And, on rare occasions, it is has familiarized me with some neon-light blinking morons.
But imbeciles, admittedly, are far more fictionally compelling than those who display rectitude and wit. For that reason I share with you now some reflections based on a few of the headcases I have met on the podium. I close with suggestions of a more constructive nature.
If my intervention spares just one chairperson from losing her marbles when she learns that a guest lecturer somehow charged his lap dance at the local gentlemen’s club to her departmental credit card, well, then I think my work here is done.
“Ought I have a google alert inform you as to my whereabouts?”: The process of being invited to lecture at a university begins when an invitation is extended. Please note that the invitation must issue from a representative of the host institution, not the person who thinks it would be cool to lecture there.
Self-inviting scholars, labor under the impression that their chance geographic proximity to a university obligates that university to learn more about their current research project. If you absolutely must invite yourself to lecture somewhere else please consider the following . . . . .
“And my wife also problematizes this issue”: If you’re in Nashville for a Bat-Mitzvah and your grad-school pot dealer chairs the Musicology department there, by all means call him up and offer to give that paper you’ve been working on about the Harlem Globetrotters and the Cold War Era.
But understand that while a self-invitation may entitle you to barbecued ribs, it might not result in suitable remuneration. Or even remuneration.
A few years back, a legendary self-inviter called me in a huff. He had a piece in an edited volume coming out so, naturally, we should book ‘im while he was hot. His spouse would be accompanying him. Perhaps she too could give a talk the night after his own?
Proponent of family values that I am, I consented. Only to be flabbergasted to learn that both the self-inviter and his wife were “disappointed and hurt” by the honorarium and decided to cancel.
The Victory Tour: Once every few years or so, a scholar riding the wave of half a dozen positive book reviews comes to town in a self-generated blaze of glory.
His first step upon receiving an invitation to speak is predictable and even understandable: he will immediately price himself right out of the market. But it’s what he does after his request for a $25,000 speaking fee and one week’s accommodation for his kids has been turned down which demonstrates true madness.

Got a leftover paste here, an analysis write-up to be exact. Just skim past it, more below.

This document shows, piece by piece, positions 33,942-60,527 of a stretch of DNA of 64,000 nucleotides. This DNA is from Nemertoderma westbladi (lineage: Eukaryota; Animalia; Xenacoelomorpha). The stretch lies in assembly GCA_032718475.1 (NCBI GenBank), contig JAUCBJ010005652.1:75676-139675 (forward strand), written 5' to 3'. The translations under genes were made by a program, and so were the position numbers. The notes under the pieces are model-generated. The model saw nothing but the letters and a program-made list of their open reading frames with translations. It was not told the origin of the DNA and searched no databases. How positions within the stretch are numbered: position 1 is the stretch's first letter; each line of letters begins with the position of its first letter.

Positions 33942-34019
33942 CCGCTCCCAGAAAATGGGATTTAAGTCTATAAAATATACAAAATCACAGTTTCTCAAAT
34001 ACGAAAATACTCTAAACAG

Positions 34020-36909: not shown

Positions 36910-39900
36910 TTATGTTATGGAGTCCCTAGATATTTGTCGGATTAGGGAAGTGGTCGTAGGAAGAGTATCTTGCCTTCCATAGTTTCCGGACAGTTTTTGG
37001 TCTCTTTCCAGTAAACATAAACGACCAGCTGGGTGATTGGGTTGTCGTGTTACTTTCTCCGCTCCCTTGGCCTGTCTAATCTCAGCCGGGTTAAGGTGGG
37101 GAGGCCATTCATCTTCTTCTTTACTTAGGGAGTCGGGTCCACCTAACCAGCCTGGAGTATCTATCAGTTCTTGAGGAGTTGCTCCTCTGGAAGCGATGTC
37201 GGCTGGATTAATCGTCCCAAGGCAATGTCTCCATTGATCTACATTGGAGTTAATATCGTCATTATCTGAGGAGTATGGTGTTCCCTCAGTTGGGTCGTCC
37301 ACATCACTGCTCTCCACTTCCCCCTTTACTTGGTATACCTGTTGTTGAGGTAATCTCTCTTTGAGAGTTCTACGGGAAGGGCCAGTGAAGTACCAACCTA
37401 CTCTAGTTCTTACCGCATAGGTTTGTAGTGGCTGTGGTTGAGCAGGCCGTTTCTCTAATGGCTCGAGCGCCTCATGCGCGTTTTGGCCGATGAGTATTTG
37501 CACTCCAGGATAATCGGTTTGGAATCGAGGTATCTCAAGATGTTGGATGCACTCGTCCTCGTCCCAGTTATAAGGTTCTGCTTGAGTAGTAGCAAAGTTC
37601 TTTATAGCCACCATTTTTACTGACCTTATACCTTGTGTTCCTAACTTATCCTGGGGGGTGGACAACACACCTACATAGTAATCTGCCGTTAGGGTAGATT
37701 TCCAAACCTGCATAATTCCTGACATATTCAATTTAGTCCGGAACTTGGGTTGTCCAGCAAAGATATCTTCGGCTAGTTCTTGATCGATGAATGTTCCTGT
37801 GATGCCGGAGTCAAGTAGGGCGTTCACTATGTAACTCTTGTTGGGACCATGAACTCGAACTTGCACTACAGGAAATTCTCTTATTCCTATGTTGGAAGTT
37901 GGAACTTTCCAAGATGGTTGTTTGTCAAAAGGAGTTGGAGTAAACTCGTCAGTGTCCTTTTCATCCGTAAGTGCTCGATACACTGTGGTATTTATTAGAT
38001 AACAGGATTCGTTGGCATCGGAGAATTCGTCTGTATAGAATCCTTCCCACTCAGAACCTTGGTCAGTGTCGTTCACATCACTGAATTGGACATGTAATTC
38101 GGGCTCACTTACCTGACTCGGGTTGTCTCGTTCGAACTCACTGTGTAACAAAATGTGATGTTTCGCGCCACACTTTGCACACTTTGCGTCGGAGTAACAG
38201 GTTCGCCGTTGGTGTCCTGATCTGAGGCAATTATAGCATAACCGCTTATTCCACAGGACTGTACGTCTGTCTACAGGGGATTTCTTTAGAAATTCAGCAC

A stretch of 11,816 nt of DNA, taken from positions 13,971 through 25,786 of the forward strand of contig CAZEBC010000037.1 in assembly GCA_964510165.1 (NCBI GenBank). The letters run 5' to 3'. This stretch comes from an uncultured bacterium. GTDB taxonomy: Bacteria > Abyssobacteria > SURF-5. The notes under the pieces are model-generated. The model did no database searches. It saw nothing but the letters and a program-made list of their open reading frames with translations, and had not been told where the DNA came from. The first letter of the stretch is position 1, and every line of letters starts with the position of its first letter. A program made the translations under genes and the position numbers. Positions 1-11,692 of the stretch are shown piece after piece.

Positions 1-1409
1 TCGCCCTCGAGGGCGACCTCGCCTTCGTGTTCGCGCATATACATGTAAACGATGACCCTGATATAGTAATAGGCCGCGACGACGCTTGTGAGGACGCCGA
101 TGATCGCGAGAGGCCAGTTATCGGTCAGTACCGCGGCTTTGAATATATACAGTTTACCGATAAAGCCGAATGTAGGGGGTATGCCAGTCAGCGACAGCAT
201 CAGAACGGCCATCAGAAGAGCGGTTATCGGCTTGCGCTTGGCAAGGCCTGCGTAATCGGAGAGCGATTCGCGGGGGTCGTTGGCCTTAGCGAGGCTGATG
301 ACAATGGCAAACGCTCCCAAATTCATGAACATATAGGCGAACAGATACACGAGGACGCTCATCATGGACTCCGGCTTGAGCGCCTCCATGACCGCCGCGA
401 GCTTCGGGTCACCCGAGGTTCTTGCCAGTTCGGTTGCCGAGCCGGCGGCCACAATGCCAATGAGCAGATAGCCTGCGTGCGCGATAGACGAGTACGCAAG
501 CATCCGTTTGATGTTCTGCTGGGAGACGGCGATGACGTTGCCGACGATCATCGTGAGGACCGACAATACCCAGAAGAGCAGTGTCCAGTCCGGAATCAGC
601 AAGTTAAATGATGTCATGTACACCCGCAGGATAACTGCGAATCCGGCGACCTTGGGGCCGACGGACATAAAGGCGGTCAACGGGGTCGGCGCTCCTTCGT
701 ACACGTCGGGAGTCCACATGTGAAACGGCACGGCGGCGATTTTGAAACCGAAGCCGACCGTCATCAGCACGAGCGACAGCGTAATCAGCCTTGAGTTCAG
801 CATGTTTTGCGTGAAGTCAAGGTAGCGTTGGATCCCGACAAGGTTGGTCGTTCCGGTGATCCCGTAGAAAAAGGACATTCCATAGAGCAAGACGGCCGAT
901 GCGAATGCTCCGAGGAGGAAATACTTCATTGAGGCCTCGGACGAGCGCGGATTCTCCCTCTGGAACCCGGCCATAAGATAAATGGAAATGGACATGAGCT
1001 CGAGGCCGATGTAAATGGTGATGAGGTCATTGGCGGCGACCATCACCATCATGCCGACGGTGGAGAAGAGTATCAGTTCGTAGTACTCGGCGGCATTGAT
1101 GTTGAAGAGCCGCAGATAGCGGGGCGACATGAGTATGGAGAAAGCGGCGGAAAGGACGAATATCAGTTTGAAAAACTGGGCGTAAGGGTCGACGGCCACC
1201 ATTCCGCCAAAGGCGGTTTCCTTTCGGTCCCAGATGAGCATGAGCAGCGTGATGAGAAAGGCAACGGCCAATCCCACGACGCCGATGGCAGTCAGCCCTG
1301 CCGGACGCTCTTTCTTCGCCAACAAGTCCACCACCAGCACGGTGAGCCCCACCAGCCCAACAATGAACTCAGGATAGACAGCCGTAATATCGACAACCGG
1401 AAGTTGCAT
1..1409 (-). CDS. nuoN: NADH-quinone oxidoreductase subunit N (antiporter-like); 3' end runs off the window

He will try and cobble that amount together by lecturing at every institution of higher education in the area. I recall with a certain awe the scholar who booked himself a victory tour in which he addressed 5 universities, one bookstore, a synagogue and a mosque within a 36-hour window.
Aside from assuring that a dozen people would attend each of his lectures, he also assured himself that he would never be invited back to Washington, D.C.
But Sheila said. . . . .: When negotiating speaking fees try and not listen to what your friend Sheila told you she was paid when she spoke at that institution a few years back. Let me tell you something about Sheila: There’s a reason the IRS placed a levy on her bank account. That’s because balancing the books and remembering numbers was never her strong suit.
Invitation Etiquette: So what is the proper way to respond when invited to give a lecture at an academic institution? First off, say “thank you” and you had better mean it. Of all the fine scholars out there, your hosts selected you and your research.
If the honorarium strikes you as low, do not take personal offense. You are usually dealing with outfits that have laughably constricted budgets. Forget about Sheila. Push back with kindness—offer to lecture a few classes or to lead a small discussion with scholars who work in your area. Honestly, you should be offering to do that anyway. We’re not lawyers. We’re not investment bankers. We are teachers.
If you plan on maximizing your options and speaking at a few universities, that’s fine. But tell all of your hosts in advance, they will appreciate the honesty.
If none of my suggestions strike you as plausible, then you are truly a star or delusional or both. In this case you may want to retain the services of a Speaker’s Bureau.